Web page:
So they have this sort of equivalent to what we call semantics in language sort of labelling things referring to things in the world. And the other aspect of primate communication which represents something which is similar to something linguistic, is that they also combine words what we call syntax in human language. So they say A and B together and that means something different from a and b independently. And so they’re on a sort of very different end of the scale the question is whether that's a continuum and we’re on the language end and then on the simple end and they use proto language or whether it's something completely different and that's quite subjective.

A housefly

09:59 - Where do flies go in winter?

Insect expert Eleanor Drinkwater takes on this listener's question

Where do flies go in winter?

It was over to insect expert Eleanor Drinkwater from the University of York to answer this question from Chris on The Naked Scientists Forum.

Eleanor - Well so this is a really good question. You know there are around 7000 fly species in the UK and unfortunately most the airtime goes to, pardon the pun, go to houseflies or blue bottles you know the kind of big ones that we see buzzing around the place. So for a lot of the species that are much smaller and you don't necessarily notice, they’ll be active all year round but for the big fellas that you might notice, aren’t around this time of year they actually hibernate over winter. Say taking the housefly for example it'll have different generations will be living in breeding over summer, and then towards the winter those that get born just as it's getting cold, will then build up fat reserves and then will go find themselves somewhere cosy so it could be somewhere like, behind a picture in your house or in a nice corner and then they hibernate throughout the winter and then emerge when it gets warmer and then lay their eggs which is why occasionally in the winter you might find the odd fly like flying around your house you’re like “where did this come from?” And it's because maybe you've turned up the heating a little bit and it's suddenly woken up and it thinks it's springtime.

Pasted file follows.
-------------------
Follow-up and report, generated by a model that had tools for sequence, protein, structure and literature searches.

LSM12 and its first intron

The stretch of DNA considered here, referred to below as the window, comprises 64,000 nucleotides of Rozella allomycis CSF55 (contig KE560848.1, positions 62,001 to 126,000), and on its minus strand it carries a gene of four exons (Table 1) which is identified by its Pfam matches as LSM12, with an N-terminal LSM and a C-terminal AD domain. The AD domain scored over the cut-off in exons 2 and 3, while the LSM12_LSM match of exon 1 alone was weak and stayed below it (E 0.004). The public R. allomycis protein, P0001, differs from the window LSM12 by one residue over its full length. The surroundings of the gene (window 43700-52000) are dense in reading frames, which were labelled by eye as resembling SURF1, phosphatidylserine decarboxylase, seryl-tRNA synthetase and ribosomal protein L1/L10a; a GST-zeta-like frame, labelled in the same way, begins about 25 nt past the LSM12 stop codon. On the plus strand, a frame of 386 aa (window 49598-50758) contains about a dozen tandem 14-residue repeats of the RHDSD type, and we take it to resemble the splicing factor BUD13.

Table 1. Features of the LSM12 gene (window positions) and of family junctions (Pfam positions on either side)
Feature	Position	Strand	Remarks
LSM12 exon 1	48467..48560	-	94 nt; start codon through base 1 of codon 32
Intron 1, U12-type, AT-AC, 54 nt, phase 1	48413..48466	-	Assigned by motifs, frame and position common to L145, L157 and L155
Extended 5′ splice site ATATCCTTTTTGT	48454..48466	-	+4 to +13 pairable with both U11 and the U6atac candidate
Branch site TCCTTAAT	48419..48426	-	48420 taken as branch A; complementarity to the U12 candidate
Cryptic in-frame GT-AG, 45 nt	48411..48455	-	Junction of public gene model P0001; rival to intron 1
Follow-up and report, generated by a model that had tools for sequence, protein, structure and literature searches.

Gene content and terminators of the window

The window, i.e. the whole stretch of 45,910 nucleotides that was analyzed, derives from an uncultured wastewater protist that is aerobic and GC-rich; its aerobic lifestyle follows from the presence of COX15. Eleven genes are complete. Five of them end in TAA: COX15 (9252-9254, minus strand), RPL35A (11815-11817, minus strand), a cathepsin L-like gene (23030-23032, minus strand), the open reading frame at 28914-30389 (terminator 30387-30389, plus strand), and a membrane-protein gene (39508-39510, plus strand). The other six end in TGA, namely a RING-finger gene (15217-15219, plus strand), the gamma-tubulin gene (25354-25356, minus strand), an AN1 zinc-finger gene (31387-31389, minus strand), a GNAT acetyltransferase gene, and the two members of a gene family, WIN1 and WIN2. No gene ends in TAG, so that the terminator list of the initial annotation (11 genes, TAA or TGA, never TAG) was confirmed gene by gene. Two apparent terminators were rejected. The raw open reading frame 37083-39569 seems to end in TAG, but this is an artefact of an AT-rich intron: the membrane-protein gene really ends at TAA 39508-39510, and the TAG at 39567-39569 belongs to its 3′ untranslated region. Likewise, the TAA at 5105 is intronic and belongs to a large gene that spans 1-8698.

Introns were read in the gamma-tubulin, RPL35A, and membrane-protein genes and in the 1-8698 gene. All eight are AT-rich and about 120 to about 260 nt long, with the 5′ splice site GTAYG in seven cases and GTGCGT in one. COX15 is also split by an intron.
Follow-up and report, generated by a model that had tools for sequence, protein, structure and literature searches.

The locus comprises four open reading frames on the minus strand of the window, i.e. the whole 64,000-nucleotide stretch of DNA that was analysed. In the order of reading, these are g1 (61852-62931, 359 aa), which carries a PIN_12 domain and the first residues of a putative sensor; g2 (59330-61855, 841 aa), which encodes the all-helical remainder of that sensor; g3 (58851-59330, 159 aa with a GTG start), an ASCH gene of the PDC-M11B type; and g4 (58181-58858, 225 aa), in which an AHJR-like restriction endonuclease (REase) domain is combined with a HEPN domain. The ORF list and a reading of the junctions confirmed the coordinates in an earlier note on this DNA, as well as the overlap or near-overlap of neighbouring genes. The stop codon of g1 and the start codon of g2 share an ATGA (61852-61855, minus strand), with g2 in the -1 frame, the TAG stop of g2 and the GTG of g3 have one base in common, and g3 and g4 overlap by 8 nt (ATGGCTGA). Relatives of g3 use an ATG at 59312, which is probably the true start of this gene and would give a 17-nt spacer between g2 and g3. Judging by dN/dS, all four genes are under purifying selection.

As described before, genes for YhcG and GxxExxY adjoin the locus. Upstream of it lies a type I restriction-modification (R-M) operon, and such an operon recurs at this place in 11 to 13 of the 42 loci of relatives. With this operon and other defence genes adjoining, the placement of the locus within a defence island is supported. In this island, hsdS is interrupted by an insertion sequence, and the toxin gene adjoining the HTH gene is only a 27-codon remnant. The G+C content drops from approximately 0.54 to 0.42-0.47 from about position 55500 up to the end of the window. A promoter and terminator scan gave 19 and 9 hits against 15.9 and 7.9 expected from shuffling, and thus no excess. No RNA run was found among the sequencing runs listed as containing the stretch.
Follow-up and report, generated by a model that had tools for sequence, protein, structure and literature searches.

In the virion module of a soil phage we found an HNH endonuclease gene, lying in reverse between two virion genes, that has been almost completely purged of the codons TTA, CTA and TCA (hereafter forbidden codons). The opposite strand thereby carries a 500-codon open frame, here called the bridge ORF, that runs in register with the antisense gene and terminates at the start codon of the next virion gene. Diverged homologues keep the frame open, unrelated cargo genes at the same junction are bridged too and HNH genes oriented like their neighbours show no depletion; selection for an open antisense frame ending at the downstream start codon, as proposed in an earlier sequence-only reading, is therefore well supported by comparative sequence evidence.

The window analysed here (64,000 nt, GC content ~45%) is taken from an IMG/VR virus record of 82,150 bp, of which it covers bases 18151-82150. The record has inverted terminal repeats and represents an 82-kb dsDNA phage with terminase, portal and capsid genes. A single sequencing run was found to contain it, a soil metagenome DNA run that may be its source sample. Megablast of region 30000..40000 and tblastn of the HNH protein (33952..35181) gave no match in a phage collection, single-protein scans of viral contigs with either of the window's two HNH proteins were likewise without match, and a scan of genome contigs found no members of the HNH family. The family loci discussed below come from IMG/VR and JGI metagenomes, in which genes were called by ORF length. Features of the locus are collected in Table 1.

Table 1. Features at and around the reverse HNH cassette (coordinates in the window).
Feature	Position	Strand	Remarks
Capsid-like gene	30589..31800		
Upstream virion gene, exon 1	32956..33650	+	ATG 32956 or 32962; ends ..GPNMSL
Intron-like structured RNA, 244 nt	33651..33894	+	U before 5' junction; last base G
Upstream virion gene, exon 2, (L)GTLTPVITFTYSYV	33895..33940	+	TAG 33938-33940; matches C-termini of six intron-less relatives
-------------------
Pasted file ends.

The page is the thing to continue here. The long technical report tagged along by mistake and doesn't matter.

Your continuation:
Chris - Usually in my case it's a mouse corpse in the loft.

Eleanor - Oh dear.

Chris - So the bottom line is then these things are there all year round some of them hang out by hibernating, by having laid down body fat, my mind is racing with the idea of an obese housefly. So they store up fat reserves for the winter and then they're ready to go when the spring comes the weather warms up.